I thought this was an interesting editorial today in the Jordan Times. In light of recent events in the region it kind of reminded me of what it means to say “We Are All Jordan”.
With its own people who work or study abroad coming back for the holidays, drugstore and with tens of thousands of Arab tourists, cheap mainly from the Gulf, enjoying a variety of attractions and the milder temperatures, Amman is usually crowded in the summer.
This summer, however, Amman is getting more crowded than usual.
Iraqis have been crossing into Jordan in increasingly high numbers, escaping the insanity of sectarian violence at home. In some neighbourhoods, from Dahiyat Rashid to Rabia, the Iraqi dialect is almost more common than the Jordanian.
Sunnis, Shiites, Christians have all come here in search of normalcy and hope. Amman is the place where they try to put their shattered lives back together, where they mourn loved ones, where they start thinking of a new beginning, where they try to reinvent a normal life for their children, at least for a short while. Over the past few days, expatriate workers from Lebanon and Gaza are being temporarily relocated in Amman by the thousands. It promises to be a colourful, most welcome, friendly, little invasion.
Some Lebanese are also starting to flee the fury of IsraelÃ¢??s state terrorism, which no longer seems to be ending that soon, and are arriving here. We cannot offer the Lebanese the glamour, the delicacies, the greenery and the natural beauty they have at home. But we can offer them peace.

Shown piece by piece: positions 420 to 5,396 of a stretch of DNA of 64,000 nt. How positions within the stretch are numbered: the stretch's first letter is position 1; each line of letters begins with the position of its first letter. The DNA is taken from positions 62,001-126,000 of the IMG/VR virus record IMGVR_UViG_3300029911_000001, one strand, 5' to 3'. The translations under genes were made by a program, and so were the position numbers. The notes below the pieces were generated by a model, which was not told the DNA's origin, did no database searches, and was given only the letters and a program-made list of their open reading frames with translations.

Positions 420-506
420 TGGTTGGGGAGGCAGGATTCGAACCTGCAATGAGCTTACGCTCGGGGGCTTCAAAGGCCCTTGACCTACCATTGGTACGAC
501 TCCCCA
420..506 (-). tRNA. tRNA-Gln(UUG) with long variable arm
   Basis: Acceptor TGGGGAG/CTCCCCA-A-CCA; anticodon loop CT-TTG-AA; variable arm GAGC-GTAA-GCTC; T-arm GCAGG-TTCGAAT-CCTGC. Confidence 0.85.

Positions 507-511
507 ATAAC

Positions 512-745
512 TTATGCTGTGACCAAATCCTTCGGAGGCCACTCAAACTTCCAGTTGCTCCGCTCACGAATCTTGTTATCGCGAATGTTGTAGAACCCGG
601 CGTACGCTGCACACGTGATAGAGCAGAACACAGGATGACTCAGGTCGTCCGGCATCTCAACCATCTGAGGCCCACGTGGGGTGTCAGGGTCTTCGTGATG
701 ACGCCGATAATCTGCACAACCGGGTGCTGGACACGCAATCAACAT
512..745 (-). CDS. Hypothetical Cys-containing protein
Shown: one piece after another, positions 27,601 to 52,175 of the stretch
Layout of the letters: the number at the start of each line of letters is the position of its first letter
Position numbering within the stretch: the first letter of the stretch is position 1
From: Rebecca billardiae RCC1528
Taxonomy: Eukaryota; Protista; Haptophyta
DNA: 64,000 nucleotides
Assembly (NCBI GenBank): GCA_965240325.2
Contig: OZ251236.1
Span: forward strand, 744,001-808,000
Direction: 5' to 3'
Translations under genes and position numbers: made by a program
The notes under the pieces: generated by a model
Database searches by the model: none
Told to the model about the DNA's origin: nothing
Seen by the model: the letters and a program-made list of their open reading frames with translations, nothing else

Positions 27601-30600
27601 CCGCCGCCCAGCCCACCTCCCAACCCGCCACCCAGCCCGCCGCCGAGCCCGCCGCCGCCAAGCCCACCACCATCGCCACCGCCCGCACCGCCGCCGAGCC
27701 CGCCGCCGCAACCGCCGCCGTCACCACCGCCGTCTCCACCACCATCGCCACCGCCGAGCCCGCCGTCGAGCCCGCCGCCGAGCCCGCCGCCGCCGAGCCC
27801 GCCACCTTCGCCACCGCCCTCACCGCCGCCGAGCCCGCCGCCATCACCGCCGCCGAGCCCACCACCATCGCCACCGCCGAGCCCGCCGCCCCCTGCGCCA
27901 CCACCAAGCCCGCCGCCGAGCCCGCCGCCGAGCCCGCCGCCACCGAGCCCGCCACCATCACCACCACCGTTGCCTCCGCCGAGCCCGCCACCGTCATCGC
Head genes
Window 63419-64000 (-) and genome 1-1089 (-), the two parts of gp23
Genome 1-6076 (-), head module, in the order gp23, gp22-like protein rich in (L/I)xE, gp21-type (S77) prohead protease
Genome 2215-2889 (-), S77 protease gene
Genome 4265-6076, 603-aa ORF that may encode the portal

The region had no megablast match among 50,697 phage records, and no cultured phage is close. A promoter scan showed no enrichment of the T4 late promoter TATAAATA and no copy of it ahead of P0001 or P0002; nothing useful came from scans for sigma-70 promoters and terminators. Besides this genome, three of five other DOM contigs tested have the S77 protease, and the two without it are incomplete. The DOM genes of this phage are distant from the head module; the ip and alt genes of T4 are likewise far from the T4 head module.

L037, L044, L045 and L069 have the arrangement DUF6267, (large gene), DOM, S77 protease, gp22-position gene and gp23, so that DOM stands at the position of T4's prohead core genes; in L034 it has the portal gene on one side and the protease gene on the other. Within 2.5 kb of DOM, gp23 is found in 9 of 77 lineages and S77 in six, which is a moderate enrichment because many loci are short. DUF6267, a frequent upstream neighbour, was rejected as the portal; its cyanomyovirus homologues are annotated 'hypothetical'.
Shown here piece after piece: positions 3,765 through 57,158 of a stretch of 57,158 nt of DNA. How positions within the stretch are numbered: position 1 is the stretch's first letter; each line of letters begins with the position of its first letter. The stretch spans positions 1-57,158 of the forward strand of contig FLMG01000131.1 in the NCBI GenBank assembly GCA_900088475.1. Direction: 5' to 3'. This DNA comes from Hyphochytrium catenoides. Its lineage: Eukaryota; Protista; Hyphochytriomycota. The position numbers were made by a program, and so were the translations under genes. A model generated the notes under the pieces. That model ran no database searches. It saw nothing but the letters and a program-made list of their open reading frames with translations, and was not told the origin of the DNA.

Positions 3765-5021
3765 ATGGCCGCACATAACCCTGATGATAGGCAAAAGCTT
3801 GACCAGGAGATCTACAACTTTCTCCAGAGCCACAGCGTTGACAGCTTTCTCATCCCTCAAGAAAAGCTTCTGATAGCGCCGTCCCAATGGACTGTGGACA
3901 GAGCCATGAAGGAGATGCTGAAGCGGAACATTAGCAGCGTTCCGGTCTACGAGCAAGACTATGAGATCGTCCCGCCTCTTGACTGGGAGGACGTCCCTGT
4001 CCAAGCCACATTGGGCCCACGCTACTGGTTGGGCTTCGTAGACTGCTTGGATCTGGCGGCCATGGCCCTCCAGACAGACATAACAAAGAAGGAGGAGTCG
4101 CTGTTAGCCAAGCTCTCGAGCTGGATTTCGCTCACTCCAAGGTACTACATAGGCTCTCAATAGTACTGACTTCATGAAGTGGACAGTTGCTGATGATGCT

At these particularly tragic times for the region, Amman is once again called upon to serve as a welcoming oasis of peace and stability in an ever-tormented neighbourhood. And AmmanÃ¢??s vocation must be its peopleÃ¢??s vocation, too. Unfortunately, more or less openly, a few dangerous arguments are finding their way in our midst.
True, all these unexpected guests are undeniably putting some strain on our already struggling infrastructures. True, traffic is becoming unbearable. True, rents are on the rise. True also Ã¢?? as a growing number of disgruntled Iraqi guests emphasises Ã¢?? all these visitors are bringing business and money.
What is not true is that welcoming those who flee violence and providing shelter to the victims of terrorism and brutality will undermine our identity. Maintaining our identity means first of all being true to our heritage of tolerance, respect and hospitality.